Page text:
While Democrats and Republicans alike have used the redistricting process to increase their respective numbers in Congress, the GOP is making a calculated move to reshape districts in a way that solidifies the position of current members, especially the Tea Party-backed freshman members who some say could face a backlash in November, The Wall Street Journal reported Thursday.
With the GOP presidential nomination all but wrapped up -- former Massachusetts Gov. Mitt Romney is the likely standard-bearer against President Barack Obama -- the Republican Party is bent on protecting its majority in Congress by making red districts redder, the Journal said.
Given the slowly improving economy, Obama's popularity and low ratings for congressional Republicans, the GOP is pulling out the stops to keep Democrats from gaining the 25 seats they need to take control of the House. And with a recent Wall Street Journal/NBC News poll indicating voters would like to see Democrats retake the House by 46 percent to 41 percent, GOP-controlled state houses have made 20 to 25 once-vulnerable incumbents likely shoo-ins for re-election, the Cook Political Report's David Wasserman told the Journal.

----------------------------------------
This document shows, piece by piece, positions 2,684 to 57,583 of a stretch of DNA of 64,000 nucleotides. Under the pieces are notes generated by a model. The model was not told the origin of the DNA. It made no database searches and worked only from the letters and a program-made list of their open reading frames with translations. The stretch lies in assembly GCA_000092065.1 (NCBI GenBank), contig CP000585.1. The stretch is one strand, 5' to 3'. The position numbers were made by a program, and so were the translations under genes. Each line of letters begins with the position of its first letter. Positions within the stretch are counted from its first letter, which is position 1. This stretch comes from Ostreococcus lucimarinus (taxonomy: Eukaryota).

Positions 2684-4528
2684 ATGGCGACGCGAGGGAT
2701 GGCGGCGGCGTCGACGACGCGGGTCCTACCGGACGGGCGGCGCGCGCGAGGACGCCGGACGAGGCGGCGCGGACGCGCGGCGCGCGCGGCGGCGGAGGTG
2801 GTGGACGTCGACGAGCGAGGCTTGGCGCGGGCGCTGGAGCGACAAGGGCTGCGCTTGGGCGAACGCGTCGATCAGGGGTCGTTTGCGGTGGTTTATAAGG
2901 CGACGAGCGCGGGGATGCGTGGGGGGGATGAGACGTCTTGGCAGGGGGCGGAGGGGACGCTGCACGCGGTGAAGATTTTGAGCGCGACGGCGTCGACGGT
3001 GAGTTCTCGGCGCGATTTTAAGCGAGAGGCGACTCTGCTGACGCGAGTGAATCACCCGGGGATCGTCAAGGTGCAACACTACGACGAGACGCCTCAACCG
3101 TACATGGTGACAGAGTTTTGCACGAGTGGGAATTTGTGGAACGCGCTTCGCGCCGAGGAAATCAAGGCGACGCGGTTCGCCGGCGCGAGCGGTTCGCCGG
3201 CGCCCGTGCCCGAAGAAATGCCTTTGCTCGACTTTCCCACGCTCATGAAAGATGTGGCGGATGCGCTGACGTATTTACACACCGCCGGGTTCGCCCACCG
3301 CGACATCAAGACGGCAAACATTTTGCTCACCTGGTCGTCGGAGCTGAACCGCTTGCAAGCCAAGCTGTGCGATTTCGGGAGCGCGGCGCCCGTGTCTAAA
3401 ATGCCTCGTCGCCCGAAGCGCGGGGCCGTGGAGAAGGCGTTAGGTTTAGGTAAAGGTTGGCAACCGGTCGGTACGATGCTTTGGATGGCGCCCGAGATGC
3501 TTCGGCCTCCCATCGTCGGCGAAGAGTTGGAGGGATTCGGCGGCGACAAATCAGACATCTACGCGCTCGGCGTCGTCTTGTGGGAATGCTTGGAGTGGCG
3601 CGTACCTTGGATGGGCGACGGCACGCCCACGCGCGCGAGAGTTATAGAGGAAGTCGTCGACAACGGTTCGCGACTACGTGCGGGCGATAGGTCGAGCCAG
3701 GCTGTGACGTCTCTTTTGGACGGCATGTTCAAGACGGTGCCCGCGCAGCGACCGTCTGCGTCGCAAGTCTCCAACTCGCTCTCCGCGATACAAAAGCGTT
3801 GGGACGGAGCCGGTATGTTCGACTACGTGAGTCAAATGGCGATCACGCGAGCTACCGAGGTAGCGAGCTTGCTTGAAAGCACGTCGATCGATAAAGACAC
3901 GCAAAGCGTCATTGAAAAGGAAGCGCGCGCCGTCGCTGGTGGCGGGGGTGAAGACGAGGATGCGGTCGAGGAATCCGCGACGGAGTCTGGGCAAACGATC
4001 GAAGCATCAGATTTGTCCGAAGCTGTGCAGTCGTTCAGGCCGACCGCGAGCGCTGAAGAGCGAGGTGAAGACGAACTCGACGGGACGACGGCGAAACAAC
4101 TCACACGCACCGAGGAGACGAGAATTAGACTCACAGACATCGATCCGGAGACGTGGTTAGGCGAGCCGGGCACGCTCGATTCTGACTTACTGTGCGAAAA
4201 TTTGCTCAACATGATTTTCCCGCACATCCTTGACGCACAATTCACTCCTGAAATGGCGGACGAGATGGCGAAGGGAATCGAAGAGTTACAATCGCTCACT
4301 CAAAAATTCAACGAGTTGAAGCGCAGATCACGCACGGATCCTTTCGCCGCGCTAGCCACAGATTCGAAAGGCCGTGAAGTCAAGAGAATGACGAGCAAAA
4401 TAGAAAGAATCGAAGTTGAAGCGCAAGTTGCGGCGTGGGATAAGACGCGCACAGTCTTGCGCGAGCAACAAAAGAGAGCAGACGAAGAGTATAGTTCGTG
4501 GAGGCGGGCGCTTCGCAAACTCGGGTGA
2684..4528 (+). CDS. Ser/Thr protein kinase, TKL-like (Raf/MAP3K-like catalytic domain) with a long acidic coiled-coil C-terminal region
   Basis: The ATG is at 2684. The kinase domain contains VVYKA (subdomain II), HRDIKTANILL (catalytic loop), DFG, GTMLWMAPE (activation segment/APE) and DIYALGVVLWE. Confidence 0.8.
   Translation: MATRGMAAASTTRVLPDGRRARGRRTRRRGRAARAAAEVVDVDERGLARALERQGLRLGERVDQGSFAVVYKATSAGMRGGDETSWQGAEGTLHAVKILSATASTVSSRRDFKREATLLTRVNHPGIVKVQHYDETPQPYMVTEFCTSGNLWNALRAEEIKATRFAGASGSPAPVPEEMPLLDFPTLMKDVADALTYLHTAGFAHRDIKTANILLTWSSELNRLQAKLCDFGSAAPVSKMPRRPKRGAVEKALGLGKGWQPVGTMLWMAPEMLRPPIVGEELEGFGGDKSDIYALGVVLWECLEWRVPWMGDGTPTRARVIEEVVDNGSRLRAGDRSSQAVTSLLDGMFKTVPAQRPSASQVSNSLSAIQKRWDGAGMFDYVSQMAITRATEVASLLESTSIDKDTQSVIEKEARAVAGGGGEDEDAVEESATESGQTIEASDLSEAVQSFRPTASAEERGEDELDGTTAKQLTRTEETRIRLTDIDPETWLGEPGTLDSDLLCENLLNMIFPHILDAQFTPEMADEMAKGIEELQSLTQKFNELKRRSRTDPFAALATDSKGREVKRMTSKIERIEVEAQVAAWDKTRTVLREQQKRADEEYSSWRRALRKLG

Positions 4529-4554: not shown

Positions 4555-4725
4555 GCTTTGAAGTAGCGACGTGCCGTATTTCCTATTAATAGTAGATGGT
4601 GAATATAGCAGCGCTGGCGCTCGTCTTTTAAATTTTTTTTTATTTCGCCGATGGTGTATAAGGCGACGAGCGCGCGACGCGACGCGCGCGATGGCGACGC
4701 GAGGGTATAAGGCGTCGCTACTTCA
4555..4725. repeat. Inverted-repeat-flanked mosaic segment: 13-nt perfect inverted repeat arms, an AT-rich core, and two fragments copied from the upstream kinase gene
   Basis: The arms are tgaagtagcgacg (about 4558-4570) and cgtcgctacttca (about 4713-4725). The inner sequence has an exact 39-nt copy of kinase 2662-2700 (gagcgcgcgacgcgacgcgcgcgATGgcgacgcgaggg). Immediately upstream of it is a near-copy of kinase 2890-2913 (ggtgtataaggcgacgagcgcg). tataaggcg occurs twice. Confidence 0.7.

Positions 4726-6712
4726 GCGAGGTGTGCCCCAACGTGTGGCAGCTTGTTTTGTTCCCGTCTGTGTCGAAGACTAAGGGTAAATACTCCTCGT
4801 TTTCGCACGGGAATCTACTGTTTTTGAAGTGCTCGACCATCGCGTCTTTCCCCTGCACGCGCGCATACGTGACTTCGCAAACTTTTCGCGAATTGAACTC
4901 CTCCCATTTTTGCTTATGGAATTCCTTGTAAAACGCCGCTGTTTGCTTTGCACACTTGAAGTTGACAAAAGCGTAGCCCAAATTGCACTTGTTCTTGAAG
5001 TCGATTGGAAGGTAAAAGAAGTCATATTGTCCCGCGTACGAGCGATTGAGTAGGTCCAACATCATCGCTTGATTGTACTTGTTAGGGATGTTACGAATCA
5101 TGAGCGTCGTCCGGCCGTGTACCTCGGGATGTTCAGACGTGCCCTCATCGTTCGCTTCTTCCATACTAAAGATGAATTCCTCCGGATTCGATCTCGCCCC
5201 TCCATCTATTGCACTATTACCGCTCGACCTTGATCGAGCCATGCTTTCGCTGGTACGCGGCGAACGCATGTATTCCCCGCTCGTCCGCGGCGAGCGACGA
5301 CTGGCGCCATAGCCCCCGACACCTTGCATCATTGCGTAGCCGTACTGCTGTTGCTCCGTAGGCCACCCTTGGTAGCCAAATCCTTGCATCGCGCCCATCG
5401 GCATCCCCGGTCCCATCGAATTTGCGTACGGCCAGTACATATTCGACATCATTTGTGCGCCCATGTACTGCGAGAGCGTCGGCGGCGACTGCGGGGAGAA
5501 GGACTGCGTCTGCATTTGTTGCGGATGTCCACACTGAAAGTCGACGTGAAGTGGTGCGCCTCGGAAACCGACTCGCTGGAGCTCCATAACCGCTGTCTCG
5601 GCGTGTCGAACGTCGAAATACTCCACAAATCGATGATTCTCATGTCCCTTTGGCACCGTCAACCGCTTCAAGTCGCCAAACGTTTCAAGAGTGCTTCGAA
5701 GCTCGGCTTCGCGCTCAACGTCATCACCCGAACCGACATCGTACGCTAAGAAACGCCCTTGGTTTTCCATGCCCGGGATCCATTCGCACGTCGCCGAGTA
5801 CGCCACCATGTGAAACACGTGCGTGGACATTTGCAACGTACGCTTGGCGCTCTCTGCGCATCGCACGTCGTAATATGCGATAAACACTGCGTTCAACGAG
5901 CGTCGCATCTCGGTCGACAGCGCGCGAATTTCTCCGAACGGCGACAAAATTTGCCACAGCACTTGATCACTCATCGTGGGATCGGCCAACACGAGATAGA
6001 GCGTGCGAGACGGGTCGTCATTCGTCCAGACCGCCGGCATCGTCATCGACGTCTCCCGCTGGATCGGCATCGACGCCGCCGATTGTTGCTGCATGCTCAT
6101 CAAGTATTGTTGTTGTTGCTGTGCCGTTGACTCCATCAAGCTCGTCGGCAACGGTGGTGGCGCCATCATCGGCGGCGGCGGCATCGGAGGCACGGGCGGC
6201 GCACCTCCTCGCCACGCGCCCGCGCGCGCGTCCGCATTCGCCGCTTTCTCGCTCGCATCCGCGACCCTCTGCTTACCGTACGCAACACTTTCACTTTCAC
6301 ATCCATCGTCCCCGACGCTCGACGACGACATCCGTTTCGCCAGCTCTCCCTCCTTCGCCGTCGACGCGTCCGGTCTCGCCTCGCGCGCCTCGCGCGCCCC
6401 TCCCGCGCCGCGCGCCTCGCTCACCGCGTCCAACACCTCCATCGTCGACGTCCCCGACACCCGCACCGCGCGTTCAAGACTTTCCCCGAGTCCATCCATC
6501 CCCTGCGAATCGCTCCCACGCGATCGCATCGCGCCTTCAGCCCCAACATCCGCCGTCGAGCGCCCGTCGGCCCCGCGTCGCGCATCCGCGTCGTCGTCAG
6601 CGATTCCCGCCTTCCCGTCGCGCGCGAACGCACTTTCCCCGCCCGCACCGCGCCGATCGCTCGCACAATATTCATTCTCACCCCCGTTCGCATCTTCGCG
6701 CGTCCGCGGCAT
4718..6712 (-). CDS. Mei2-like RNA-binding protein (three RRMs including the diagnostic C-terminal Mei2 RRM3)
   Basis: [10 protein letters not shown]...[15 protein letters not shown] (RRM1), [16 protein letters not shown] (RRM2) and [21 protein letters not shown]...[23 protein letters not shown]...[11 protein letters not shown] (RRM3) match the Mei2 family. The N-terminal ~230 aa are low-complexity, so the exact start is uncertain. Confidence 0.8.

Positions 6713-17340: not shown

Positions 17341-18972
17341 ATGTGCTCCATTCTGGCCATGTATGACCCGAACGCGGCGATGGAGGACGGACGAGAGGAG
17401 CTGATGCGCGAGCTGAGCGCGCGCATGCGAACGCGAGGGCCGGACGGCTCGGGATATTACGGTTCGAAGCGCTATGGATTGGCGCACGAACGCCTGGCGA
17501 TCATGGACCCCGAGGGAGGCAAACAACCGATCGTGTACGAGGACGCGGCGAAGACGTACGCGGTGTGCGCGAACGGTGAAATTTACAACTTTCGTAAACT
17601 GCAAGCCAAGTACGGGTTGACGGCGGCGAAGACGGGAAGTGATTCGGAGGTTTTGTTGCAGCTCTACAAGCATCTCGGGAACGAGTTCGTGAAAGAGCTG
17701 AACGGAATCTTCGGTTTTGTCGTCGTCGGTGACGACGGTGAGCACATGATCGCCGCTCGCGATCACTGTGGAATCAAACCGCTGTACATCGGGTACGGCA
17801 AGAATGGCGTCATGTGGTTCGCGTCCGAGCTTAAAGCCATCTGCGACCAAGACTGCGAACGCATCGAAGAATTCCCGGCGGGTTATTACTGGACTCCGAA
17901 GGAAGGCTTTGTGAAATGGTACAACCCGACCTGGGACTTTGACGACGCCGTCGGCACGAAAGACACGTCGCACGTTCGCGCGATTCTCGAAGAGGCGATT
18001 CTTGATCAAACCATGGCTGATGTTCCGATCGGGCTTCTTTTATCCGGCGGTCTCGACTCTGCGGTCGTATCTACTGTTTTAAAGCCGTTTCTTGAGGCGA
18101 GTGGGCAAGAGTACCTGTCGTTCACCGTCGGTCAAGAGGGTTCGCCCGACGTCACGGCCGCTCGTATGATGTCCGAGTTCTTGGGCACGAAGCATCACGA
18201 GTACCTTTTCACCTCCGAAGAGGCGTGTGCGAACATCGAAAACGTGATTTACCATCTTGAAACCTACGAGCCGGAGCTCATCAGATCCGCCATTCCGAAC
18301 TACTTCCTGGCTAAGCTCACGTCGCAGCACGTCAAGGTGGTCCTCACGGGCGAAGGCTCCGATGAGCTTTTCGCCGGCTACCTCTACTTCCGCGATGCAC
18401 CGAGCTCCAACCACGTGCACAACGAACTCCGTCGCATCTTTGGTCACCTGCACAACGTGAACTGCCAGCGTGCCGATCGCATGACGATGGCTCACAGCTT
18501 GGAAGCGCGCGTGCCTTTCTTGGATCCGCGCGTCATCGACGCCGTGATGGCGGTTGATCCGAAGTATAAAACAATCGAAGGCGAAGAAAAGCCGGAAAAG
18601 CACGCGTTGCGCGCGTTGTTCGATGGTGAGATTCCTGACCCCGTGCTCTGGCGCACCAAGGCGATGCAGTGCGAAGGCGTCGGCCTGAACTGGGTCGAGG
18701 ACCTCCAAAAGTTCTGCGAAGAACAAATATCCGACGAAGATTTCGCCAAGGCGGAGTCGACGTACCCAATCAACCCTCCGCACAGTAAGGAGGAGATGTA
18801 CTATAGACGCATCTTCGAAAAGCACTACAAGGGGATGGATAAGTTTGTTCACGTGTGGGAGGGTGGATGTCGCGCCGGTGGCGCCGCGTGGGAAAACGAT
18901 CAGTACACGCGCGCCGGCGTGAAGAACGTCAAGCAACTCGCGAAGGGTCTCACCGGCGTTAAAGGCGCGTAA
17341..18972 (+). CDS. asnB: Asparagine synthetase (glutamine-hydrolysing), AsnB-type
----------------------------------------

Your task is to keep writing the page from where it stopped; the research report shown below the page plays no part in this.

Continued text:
"When you can take about half of the freshmen that you elected and make the seats better, that's good," said Rep. Lynn Westmoreland of Georgia, the House Republicans' redistricting point man. "The odds are very slim of the Democrats taking the House back."
The wave of GOP freshman elected in 2010 from Florida, Ohio, Michigan and Pennsylvania put the redistricting levers of power in key swing states into the hands of Republicans. However, it's no surprise Democrats have a different take on things.
"The reality and the bravado when it comes to redistricting are often very different things," said Rep. Steve Israel, D-N.Y. "The redistricting game is almost over, and at the end of the day it will be a tie: no runs, no hits, no errors for either side."
Dominic Pileggi, leader of the Pennsylvania state Senate Republicans, acknowledged redistricting isn't everything.
"A lot depends on the quality of the candidates and the national and statewide climate," he told the Journal.
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